We, in the ad industry, study marketing trends to better understand the market.
Africa understands its impact on global trends. Our proud culture can be felt the world over, from Milan fashion shows to the Afro-futuristic architecture of Wakanda.
Africa has gone viral.
Some viral trends are peculiar, some inspiring, some unconventional. The current marketing trend in Africa is no exception.
The FMCG business in East Africa has been flipped on its head; conventional marketing trends went belly-up as a result.
Many moons ago, rather than take the time to understand their market, FMCG multinationals commissioned local firms to distribute their products. Over time, those distributors built networks, becoming route-to-market masters. Then, as the giants slept, they started producing the same products. They grew into bigger manufacturers, with the insights, networks and know-how to perfect their supply chains, making their products cheaper and more readily available. This spelled doom for the multinationals.
The usurpers were merciless and started eating into the market share of non-FMCG businesses such as financial institutions and telcos, as the consumer wallet remained the same. Marketing needed to adapt.
The multinationals relied heavily on ATL ads, but the local distributors understood that true influence came from spending not on marketing, but on acquiring shelf space.
This landscape demands that multinationals exploit fresh ways of engaging the market. A combination of below-the-line (BTL), digital and radio is their best bet. Why?
In Africa, records are kept through intergenerational stories; that’s how history of African legends, empires and kings is passed through generations. We like our stories straight from the horse’s mouth, and we need to see, hear and feel a product. Experiential marketing and activations are vital for brand-building in Africa. This is the new focal point of all marketing campaigns.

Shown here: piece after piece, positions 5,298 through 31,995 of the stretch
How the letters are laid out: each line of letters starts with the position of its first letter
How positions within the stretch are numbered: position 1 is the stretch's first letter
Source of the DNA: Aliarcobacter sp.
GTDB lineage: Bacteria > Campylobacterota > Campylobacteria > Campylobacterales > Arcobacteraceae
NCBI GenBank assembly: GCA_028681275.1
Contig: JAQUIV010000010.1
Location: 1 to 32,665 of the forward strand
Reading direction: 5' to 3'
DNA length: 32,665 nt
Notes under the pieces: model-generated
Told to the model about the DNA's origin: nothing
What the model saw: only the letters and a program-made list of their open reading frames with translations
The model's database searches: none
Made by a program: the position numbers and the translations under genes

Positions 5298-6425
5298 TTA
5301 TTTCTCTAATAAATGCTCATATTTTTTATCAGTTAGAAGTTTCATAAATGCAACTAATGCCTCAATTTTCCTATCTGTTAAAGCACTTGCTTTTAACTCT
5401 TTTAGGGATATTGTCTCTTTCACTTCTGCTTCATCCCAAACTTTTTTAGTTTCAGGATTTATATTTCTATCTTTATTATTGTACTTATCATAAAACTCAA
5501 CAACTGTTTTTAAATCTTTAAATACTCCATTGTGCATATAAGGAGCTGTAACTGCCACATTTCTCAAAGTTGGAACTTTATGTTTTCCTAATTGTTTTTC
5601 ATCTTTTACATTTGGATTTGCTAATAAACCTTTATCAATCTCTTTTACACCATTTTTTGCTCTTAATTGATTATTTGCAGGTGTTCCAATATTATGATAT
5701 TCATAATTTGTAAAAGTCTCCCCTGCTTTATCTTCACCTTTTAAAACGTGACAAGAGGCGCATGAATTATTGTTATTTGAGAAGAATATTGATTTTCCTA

In parts of Tanzania, radio consumption is 40 hours a week. It’s always on, and the best way to spread the word about a brand and drive consumers to experiential encounters.
Today, 63% of Tanzania’s population owns a mobile phone; 93% has access to one.* Soon, everyone will own one. Need we say more?
Most multinationals don’t see what we see, but we live here, so we get it. A large number of consumers in Africa live on under $1 a day; their default is to buy the most affordable, readily available products. Any campaign has to take this and other restrictions into account. We believe in this, and that the ‘BTL, radio and digital’ formula works here.
Maybe, just maybe, Africa will set a new direction for the marketing world.
Ryan Gosling – Q&A
Will you go to Cannes this year?
A group of our best and brightest minds will, to be part of it and see what breakthroughs are happening in the advertising industry internationally.
AI: the best and the worst scenarios are…
Best: a utopia where there is no labour and we all live like kings. Worst: a dystopian future where we will be made slaves and crushed by machines..
What will you change in 2018?
In many cases it will be a case of ‘if it ain’t broke, don’t fix it’. We’ll continue with creative innovation and consistency at the core of everything we do.
The best work of the past year is...
Audi’s "Test drive" by Venables Bell & Partners. This TV ad is art, a visceral experience which dares you to get behind the wheel of an Audi sports car. It does what any great ad should: it makes you feel something and desire a product so badly you’d do anything to get your hands on it.
Aggrey & Clifford: at a glance
Principals: Rashid Tenga, founder and chairman; Ryan Gosling, general manager, Tanzania; Terence Chambati, general manager, Uganda; Oliver Mutere, general manager, Kenya.
Locations: Tanzania, Uganda, Kenya.